Introduction to Philosophy FA '12 @ Cortland College

Short Essay, Unit 1

Due: Tues, Sept 25.  In class or by email before class starts.

Reminder: If you choose to do an extra credit paper for Unit 1, it is due at the same time as the Short Essay.


  • Demonstrate understanding of basic ethical analysis and argument structure by applying learned concepts to an ethical thought experiment


Choose one of the thought experiments below and take an ethical stance on the outcome.  Argue for your ethical stance (your conclusion) by presenting reasons (premises) for your stance.  You should provide at least two premises that lead directly to your conclusion (although they may work separately or together) and whatever number of premises are needed to support these starting premises.  A good essay will start from widely accepted, given premises or at least limiting-the-scope premises and argue to the conclusion from that point.  A good essay might have this breakdown

  • Paragraph 1: A summary of your bare bones argument.  This states the ethical issue, your response, and the premises that lead directly to the conclusion.
  • Paragraph 2: Argue for one of the premises, treating it as a sub-conclusion.
  • Paragraph 3: Argue for another premise, treating it as a sub-conclusion.  Do this for however many premises you need to defend as sub-conclusions.  Be sure to state when you are not arguing for a premise that may be controversial and why you are not arguing for it.
  • Paragraph last: Explain how the various points you have put forward provide support for your conclusion.

Before or after you write the paper (I recommend after the first draft, but before the second draft (I also recommend drafts)), diagram your argument, as demonstrated in class.  This diagram should include a key with a logical listing of the premises.  This logical listing should include  each critical proposition stated as simply as possible and the conclusion at the bottom of the lsit.  In your diagram, use brackets and arrows to indicate the relationship between the propositions.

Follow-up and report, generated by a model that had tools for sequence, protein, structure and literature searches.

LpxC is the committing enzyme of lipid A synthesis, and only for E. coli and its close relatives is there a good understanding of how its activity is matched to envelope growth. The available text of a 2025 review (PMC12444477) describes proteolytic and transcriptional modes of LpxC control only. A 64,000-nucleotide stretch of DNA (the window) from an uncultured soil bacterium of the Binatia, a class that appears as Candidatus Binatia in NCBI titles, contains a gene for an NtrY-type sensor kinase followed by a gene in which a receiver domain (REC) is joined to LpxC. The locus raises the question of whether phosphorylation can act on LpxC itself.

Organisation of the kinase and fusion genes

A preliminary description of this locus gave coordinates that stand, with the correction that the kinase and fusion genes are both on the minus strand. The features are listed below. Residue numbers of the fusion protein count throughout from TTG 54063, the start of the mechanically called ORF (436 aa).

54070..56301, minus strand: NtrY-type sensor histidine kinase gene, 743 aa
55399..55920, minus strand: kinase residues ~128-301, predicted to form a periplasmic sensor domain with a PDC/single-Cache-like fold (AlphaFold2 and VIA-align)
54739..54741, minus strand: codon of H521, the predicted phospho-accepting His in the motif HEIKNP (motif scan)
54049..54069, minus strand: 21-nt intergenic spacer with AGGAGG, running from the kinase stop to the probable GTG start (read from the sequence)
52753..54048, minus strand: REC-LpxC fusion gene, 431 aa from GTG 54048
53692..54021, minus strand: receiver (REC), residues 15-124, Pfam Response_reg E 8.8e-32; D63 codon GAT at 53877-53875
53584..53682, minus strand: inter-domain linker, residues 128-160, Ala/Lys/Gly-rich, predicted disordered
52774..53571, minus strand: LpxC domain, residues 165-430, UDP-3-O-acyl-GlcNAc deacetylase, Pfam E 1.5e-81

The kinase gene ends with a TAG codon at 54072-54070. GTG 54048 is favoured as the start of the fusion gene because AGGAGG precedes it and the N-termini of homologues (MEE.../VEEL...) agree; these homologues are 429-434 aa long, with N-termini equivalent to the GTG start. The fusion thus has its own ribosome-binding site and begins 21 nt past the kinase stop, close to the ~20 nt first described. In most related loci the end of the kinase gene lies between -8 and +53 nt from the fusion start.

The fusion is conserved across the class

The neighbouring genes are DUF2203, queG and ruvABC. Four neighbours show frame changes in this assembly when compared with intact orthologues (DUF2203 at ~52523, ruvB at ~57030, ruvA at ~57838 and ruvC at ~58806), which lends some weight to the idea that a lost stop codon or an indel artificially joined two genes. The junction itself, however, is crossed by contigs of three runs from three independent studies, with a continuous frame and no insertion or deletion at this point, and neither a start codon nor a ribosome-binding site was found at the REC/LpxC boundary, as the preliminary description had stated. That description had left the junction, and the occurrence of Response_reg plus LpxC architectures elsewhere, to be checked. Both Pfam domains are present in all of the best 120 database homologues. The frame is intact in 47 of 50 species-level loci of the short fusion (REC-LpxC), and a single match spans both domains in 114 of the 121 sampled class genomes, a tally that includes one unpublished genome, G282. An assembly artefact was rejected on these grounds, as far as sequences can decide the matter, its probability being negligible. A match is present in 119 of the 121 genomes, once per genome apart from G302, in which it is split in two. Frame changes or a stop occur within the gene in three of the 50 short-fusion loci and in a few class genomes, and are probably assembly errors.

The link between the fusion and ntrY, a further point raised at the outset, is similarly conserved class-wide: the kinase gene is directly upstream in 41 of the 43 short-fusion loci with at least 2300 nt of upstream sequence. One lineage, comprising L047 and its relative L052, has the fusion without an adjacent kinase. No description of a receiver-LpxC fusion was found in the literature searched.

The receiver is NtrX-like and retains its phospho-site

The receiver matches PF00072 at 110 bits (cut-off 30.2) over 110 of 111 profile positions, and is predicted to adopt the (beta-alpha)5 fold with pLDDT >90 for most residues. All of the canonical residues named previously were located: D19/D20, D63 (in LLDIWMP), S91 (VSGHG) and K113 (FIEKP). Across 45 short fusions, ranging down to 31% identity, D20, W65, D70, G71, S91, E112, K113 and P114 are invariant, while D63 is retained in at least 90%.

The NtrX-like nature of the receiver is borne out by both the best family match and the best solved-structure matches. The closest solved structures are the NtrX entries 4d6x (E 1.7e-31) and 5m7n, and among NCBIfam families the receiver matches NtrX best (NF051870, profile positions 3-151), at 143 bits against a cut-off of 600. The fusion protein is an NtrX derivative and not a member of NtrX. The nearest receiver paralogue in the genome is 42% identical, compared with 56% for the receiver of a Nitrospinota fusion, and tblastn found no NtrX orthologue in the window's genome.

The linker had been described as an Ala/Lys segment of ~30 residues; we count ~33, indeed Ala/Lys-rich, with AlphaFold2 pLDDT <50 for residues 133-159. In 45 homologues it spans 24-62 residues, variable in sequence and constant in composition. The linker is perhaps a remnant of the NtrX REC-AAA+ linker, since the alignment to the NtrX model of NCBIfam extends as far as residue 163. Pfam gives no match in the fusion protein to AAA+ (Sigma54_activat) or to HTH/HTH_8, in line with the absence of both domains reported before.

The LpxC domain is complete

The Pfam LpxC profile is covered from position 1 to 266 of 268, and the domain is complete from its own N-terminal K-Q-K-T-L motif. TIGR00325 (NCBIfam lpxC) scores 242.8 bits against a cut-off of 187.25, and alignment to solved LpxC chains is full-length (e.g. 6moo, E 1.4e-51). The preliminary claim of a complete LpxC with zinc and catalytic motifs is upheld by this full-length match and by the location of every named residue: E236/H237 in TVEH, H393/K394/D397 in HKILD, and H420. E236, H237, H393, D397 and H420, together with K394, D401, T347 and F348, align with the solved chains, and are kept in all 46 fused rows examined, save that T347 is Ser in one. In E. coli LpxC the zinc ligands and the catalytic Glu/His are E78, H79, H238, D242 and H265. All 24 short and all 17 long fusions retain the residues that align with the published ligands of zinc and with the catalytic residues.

The Thought Experiments

Option 1: A woman is mowing her lawn on a riding mower, when she accidentally runs over a pet cat that she loved very much.  As she's preparing to bury the cat, she remembers that someone told her that cat was particularly interesting to eat. Out of curiosity, she takes the cat inside, prepares it, and eats it for dinner. No one sees her do this.  She enjoys the meal immensely.  Was it wrong for the woman to eat the cat?

Option 2: A brother and sister are on vacation together. They have always been very close and felt a special bond. Alone now, they decide to have sex. They know the sister cannot get pregnant because of a medical condition, but just to be sure the brother wears a condom. Afterwards, they feel closer than ever. Although they feel no guilt or disgust, they decide never to do it again, but share it as their special secret. Was it wrong for the brother and sister to have sex?

What You Should Turn In

  • 1 (one) 500-750 word essay arguing for a specific ethical judgment in relation to one of the assigned thought experiments.  If you use sources outside the class, you should cite them in an attached works cited page.
  • 1 (one) argument diagram accurately representing the structure of your essay and including a breakdown of each premise, sub-conclusion, and conclusion.  This can be hand drawn or made on the computer, so long as it is legible.